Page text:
It reminds me of a conversation I once heard at work between two Oxbridge graduates.

OXFORD GRADUATE: We call you 'Tabs'. What do you call us?

Calculon03 Aug 2023 5:30 a.m. PST

@4th – yes I think there was some complex psychology going on – apparently the English wanted to join because they though the kilts looked cool!

Trockledockle03 Aug 2023 3:20 p.m. PST

4th Cuirassier

I lived in England for nearly 7 years and was frequently called a manky Scots git.

The Oxford -Cambridge thing is interesting. Oxford can be quite a savage place particularly in student politics. The last Prime Minister educated at Cambridge was Stanley Baldwin. Since then we have had 11 from Oxford by my estimate. Cambridge likes to position itself as above such worldly things.

I'll leave it to others to decide in both cases where the inferiority complex lies.

What had this to do with wargaming? Nothing at all.

dibble03 Aug 2023 5:47 p.m. PST


Though not Kilted, the 90th (Perthshire Volunteers) were a Scottish light-Infantry Regiment, strongly associated with the 92nd (Highland) Regiment, post-1801.

There were other Scottish Regiments too. Some 'Highland' Here's a list. If any are missing all I will say is 'Oops!'

3rd Regiment of Foot Guards
1st (Royal Scots) Regiment of Foot
21st (North British Fusiliers) Regiment of Foot
25th (The King's Own Borderers) Regiment of Foot
26th (Cameronian) Regiment of Foot
70th (Lowland) Regiment of Foot
78th (Ross-shire buffs) Regiment of Foot
93rd (Sutherland Highlanders) Regiment of Foot
94th (Scotch Brigade) Regiment of Foot
98th (Argyllshire Highlanders) Regiment of Foot

And a few higher numbered regiments that only lasted a year or two at the end of the 18th century.

Lord Hill06 Aug 2023 4:55 a.m. PST

In terms of the question of "how Scottish" the Scottish regiments at Waterloo were, the answer for the 42nd, 71st, 79th, 92nd and Scots Greys is "extremely".

At least 90%, the few exceptions mostly being Irishmen.

La Fleche10 Aug 2023 12:05 a.m. PST

Another consideration would be how "Highland" were the Highland regiments by the end of the Napoleonic Wars?.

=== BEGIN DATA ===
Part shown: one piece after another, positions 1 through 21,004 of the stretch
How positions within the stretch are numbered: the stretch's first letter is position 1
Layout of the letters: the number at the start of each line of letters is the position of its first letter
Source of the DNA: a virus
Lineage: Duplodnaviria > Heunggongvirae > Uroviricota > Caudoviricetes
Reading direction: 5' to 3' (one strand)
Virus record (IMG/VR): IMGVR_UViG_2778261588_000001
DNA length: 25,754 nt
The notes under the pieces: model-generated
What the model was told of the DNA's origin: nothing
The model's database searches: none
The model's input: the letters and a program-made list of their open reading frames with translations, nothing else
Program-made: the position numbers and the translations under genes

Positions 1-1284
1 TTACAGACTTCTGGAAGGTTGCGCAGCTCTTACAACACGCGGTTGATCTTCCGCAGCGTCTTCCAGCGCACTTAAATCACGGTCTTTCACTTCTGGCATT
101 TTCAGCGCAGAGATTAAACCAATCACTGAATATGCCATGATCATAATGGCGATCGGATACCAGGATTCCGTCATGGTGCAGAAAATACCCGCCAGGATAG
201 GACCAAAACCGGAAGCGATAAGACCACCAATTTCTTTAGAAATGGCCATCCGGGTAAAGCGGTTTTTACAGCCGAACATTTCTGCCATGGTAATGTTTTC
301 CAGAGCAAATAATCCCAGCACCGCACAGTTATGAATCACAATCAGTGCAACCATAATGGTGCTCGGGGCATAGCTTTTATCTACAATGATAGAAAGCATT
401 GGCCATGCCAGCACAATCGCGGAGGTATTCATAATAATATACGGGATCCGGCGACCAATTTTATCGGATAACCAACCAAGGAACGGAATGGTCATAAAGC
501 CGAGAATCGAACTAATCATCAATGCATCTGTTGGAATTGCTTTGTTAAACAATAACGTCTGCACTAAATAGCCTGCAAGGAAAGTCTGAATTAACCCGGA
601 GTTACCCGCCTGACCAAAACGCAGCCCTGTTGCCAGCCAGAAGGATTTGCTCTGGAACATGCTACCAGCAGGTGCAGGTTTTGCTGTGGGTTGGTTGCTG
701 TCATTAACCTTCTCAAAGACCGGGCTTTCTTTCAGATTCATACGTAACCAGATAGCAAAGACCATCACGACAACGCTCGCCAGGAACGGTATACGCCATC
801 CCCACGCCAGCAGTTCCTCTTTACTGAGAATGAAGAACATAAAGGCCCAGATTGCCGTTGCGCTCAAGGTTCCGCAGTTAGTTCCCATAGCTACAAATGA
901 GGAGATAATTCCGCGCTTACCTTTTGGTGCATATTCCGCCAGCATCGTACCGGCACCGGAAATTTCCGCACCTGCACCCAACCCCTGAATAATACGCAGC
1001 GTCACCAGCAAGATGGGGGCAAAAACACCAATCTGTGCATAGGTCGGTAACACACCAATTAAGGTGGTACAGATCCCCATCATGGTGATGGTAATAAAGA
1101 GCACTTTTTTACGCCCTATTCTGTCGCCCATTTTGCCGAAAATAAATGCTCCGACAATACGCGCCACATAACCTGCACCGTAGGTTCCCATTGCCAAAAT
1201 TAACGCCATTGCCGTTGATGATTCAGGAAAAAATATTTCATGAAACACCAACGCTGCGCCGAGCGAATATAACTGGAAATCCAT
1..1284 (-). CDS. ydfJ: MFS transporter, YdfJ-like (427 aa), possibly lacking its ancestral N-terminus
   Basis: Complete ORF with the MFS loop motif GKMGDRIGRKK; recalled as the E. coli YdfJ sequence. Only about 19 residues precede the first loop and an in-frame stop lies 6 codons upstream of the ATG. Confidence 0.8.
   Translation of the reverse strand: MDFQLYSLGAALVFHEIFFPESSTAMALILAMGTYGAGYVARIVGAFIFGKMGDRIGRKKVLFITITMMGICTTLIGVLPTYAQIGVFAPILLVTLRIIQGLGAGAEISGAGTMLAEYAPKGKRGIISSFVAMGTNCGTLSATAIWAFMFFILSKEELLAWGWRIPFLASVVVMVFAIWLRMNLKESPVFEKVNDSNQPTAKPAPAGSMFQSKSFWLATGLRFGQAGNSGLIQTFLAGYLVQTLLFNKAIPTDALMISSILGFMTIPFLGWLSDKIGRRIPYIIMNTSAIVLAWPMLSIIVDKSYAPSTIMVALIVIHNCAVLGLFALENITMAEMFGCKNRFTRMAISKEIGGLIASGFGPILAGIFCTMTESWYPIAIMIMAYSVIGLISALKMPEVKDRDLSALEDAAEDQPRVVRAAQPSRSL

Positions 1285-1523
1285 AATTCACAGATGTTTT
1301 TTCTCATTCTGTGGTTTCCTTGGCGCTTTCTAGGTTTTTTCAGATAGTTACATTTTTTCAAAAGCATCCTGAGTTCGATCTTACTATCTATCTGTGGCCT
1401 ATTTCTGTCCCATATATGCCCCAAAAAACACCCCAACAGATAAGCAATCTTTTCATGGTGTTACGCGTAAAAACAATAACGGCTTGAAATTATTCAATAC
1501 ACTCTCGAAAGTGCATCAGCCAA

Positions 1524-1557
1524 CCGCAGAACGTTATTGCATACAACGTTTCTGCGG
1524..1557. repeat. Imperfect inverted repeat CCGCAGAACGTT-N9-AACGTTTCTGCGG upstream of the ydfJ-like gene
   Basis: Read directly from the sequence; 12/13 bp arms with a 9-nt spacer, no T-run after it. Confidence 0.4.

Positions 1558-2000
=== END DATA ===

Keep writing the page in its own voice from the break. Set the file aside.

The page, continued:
The 79th was the regiment to which my clan (well, more particularly, my branch of my clan) was associated.

In the '45 my clan furnished a company for Lochiel's regiment; being tenants, and sworn to sword service over the course of the previous four centuries to the Camerons of Lochiel. This contingent represented one of the largest in the regiment, despite the clan being split on whether or not to support the Young Pretender.

In 1815 the 79th contained very few of my clan and, indeed, comparatively fewer men from Lochaber as it had done in the past. Much of the regiment comprised men from the towns and much of them East Highlanders and Lowlanders.

Why this change of demographic?

In a word: Clearances.

Greater than the supression of Highland culture, was the destruction of the Clan System. Not so much in terms of the clans themselves but in the way the feudal-like system of clans' fealty to the landholding barons like Cameron of Lochiel. Fêted and seduced by the sumptuousness of English aristocracy the Scottish landholders were persuaded that they too could attain such grandeur if only they were to replace those uneconomic crofters with profitable sheep. Many fell for the play, and Lochiel was no exception.

Faced with eviction the Lochaber branch of my clan almost to a man emigrated to Canada in 1802 where the newly-arrived were granted two-and-a-half towns in Glengarry county Ontario. My direct ancestor remained in Scotland and he and his decendants wandered up and down the western side of the Great Glen until, in 1865, it was deemed that risking a three month voyage to the other side of the world represented a better prospect than remaining.

Such a story is echoed in the histories of almost all clans of the West Highlands and Islands.

So, with all those pesky Highlanders gone there would now be security and prosperity? Well no, not for the Scots at any rate. In the case of Lochiel, the income in 1800, from rents, amounted to 1700 pounds. By contrast the income in 1814, from sheep, amounted to only 1400 pounds.

Therefore, with the barons no longer troop-raising feudalists, and their local manpower gone the Scottish regiments of the "British Army" had lost their regional character. Highland regiments were "Highland" largely in name and dress only.

Lord Hill10 Aug 2023 8:47 a.m. PST

In 1815 the 79th contained very few of my clan and, indeed, comparatively fewer men from Lochaber as it had done in the past. Much of the regiment comprised men from the towns and much of them East Highlanders and Lowlanders.

If the clan you're referring to is the Camerons, well there were 24 men named Cameron in the 79th alone in 1815. All but 4 were casualties – 5 killed or died of wounds, the rest all wounded.

You mention Lochabar – there were numerous men in the 71st, 79th, and 92nd at Waterloo who had enlisted from the Lochabar Fencibles.

dibble10 Aug 2023 3:08 p.m. PST

Lord Hill

In terms of the question of "how Scottish" the Scottish regiments at Waterloo were

We could say that about all the Regular, 'affiliated' British Regiments of course.